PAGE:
I've worked on a fair number of projects where I've had to import data from a CSV file. With large datasets, especially when inserting into a database with standard ActiveRecord, this can take a while. If you're not running it often its usually not worth optimising, but it does get annoying not knowing how long its going to take when you do.
With this small module you can easily add a progress bar to the built-in CSV library. It uses the progress_bar gem to do all the hard work (not to be confused with the other Ruby/ProgressBar library).
require 'csv' require 'progress_bar' class CSV module ProgressBar def progress_bar ::ProgressBar.new(@io.size, :bar, :percentage, :elapsed, :eta) end def each progress_bar = self.progress_bar super do |row| yield row progress_bar.count = self.pos progress_bar.increment!(0) end end end class WithProgressBar < CSV include ProgressBar end def self.with_progress_bar WithProgressBar end end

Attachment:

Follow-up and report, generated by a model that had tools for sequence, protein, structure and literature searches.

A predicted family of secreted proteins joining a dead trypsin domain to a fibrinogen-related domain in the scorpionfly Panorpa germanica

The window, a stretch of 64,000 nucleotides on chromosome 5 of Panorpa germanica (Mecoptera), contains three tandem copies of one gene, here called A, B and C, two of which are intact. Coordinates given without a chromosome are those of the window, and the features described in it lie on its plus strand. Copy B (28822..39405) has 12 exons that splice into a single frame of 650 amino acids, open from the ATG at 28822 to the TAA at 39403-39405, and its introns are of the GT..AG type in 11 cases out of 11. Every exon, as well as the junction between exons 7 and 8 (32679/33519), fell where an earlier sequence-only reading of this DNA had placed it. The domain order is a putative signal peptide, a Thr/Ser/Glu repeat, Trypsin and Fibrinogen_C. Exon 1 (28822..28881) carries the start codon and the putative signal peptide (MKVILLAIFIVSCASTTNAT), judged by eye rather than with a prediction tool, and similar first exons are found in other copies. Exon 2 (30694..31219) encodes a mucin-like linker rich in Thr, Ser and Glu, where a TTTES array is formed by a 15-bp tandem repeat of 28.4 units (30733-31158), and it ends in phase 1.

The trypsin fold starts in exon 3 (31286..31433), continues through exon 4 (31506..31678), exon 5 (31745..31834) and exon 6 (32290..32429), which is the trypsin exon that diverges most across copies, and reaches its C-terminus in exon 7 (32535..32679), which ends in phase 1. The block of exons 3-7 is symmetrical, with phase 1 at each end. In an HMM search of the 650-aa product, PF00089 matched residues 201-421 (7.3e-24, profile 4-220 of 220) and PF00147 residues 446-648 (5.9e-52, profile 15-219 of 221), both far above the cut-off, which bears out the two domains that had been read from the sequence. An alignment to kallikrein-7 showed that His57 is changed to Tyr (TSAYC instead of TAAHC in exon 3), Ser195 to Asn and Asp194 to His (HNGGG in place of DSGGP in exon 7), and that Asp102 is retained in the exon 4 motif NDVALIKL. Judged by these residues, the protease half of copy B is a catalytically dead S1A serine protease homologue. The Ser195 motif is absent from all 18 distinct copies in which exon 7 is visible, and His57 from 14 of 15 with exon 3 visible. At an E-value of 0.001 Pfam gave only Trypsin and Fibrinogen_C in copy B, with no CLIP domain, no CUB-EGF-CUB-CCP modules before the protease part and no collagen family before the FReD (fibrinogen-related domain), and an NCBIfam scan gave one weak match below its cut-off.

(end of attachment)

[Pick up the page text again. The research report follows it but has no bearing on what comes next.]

It can be used in a few different ways. The least intrusive if you're integrating it into an existing code base is to extend the
CSV::ProgressBar module onto the
data = File.read('data.csv') csv = CSV.new(data) csv.extend(CSV::ProgressBar) csv.each do |row| # expensive operation end
You can also use the subclass,
CSV::WithProgressBar, which includes the
ProgressBar module for you. This syntax doesn't feel as idiomatic, but does make it possible to use the class-level convenience methods.
CSV::WithProgressBar.foreach('data.csv') do |row| # expensive operation end
I also added the
CSV.with_progress_bar class method. Its just a little bit of syntactic sugar, but I find it reads nicer than using the subclass.
CSV.with_progress_bar.foreach('data.csv') do |row| # expensive operation end
I've added the code to a Gist. Use it, fork it, modify it.